Katherine scowls. “What were you thinking?” She rips another burr off his sock. “Why’d you roll when you landed?”

You roll your eyes. “He wasn’t thinking. That’s the problem.” Everyone knows that when you leap across the stream, you need to land on your feet. 

Mike’s face reddens. “Guys, stop,” he groans. 

Across the water, the woods echo with distant shouts from the other team. Earlier, you’d sent your faster runner, Stacy, to hide the flag. But if your opponents cross the stream to steal it, she won’t last long alone. Tossing aside the last burr, you pat Mike’s shoulder and heave him to his feet. “C’mon, we gotta get moving.”  

As for your great background information, it can be alluded to throughout the story. Ex:

“Do we really have to do this?” Katherine’s [color] eyes cut to you. “It’s just a cafeteria seat. Can’t you find another?”

At the thought, you bristle. “No way.” [explain why it’s important]

Alternatively, once the action/scene has been set, you could use the next scene and briefly jump back to earlier that morning (ex: “It all started when . . .”)

 

Second, consider spacing out character introductions to reduce confusion and avoid overwhelming readers. One way is to later introduce some of the characters’ unique traits through action, rather than stating them. It also helps readers feel they naturally discovered the information. 

Another way is for opposing team members to be introduced during encounters since the protagonist doesn’t initially spend much time with them. For instance, it may look something like: 

(During the scene when you hide in the bog)

The voices grow louder. As they near the bushes, you peer out, only to freeze.

It’s Jonathan, the second fastest boy in your class. Next to him walks Finn, whom you’ve seen with your friends but never talked much to.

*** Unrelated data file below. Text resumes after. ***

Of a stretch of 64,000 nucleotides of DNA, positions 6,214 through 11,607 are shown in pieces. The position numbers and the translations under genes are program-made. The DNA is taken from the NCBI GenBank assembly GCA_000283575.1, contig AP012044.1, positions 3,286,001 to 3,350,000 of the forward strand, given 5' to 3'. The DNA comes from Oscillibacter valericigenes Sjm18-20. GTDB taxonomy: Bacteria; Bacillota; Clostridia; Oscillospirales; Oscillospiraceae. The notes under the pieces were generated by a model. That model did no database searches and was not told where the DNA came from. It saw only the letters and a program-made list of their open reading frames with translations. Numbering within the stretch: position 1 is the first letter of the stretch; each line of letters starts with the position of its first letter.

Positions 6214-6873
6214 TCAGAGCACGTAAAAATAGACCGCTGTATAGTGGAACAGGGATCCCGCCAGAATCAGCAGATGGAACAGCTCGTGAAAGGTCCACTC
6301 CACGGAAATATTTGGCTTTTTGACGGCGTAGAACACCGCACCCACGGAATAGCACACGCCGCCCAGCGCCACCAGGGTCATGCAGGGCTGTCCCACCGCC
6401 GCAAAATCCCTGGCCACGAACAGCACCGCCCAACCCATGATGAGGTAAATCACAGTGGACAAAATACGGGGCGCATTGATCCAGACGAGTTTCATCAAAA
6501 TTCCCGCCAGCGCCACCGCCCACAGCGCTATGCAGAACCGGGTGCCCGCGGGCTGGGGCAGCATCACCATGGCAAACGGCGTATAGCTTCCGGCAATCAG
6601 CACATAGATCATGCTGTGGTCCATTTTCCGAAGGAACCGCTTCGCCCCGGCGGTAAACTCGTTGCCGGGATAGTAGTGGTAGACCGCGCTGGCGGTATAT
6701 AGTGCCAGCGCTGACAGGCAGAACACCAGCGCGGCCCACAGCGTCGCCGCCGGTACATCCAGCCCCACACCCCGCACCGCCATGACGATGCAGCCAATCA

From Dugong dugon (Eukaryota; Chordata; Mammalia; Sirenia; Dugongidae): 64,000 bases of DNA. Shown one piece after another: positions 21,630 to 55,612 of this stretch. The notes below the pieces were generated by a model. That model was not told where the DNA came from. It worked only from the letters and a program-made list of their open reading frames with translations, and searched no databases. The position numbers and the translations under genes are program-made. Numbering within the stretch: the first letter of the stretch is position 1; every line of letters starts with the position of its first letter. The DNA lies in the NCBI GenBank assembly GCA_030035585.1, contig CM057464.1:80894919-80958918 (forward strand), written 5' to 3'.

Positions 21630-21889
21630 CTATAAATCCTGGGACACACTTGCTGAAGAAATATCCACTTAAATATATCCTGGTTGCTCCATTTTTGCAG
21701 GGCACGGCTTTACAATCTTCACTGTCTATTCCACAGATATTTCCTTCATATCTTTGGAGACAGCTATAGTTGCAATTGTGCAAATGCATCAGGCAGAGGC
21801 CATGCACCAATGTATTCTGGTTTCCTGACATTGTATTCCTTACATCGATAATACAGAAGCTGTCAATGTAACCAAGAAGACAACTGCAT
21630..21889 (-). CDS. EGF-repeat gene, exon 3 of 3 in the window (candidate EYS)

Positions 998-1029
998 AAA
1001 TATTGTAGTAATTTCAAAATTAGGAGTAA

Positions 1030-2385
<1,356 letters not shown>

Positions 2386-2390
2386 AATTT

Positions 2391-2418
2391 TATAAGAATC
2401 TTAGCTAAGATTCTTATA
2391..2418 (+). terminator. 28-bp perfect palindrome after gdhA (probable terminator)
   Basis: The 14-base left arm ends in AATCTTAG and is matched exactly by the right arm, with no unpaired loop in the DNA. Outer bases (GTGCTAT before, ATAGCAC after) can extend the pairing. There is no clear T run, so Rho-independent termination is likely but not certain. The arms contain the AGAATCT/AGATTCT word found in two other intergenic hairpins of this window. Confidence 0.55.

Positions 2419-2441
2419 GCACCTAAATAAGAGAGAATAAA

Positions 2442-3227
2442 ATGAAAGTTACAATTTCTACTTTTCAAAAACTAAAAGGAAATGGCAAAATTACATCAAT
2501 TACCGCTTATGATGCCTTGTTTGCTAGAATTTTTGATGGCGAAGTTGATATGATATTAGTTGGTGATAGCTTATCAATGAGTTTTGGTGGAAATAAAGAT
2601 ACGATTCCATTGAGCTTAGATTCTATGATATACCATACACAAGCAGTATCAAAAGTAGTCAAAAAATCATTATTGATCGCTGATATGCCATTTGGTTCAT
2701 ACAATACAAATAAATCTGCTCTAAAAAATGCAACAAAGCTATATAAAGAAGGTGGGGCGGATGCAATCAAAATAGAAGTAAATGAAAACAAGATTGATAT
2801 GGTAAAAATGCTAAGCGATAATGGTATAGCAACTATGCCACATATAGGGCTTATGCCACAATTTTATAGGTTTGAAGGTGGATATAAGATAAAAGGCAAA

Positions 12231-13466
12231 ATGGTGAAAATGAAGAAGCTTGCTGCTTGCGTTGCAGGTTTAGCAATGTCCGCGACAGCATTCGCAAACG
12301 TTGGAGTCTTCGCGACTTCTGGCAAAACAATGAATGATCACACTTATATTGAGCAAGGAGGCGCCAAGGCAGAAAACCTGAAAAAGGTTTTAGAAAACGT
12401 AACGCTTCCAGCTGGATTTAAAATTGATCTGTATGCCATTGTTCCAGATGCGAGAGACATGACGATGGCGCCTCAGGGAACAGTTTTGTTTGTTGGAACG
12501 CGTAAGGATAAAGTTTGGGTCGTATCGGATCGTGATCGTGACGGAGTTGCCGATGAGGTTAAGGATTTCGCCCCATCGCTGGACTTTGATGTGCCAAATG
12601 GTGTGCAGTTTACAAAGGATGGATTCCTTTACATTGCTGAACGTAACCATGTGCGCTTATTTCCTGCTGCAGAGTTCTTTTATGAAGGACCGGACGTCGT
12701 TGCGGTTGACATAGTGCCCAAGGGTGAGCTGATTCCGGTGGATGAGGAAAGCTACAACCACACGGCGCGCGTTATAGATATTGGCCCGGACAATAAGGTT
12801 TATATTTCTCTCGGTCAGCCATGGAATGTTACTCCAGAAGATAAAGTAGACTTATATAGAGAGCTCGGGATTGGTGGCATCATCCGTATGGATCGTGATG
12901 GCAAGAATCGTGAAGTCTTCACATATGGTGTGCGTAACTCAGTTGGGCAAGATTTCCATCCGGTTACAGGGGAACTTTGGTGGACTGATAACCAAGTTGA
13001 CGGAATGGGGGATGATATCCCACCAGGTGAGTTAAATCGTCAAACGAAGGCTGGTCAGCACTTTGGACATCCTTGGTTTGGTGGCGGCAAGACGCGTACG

Third, to avoid repetition, perhaps reduce the use of dialogue tags. You could also alternate them with actions, which can reveal more about the character. For example, instead of (“It’s almost five minutes,” says Katherine, checking her watch), try keeping it to: (“It’s almost five minutes.” Katherine checks her watch.) 

 

Fourth, to show instead of tell and also increase immersion, consider reducing filter words similar to “you hear” or “you see.” Too many can place distance between the character and the reader. It also reduces the impact of your great descriptions. For instance, the sentence “You can hear the sounds [of] voices approaching” might look something like: 

As you land on a tree branch, a noise stops you. “Wait,” you whisper.

The group falls still. Your sneakers wobble on the branch, but you hold still, straining your ears. There. Distant voices drift through the woods, coming closer.

Katherine exchanges a panicked look with you. 

“What do we do?” Stacy hisses. 

You scan the area, but there’s not much cover. Only mud and tree roots. Finally, your eyes fall upon a cluster of bushes on the left. The only problem? They’re sitting in the wettest, muckiest part of the swamp. If someone stumbled upon you, the mud would slow you down.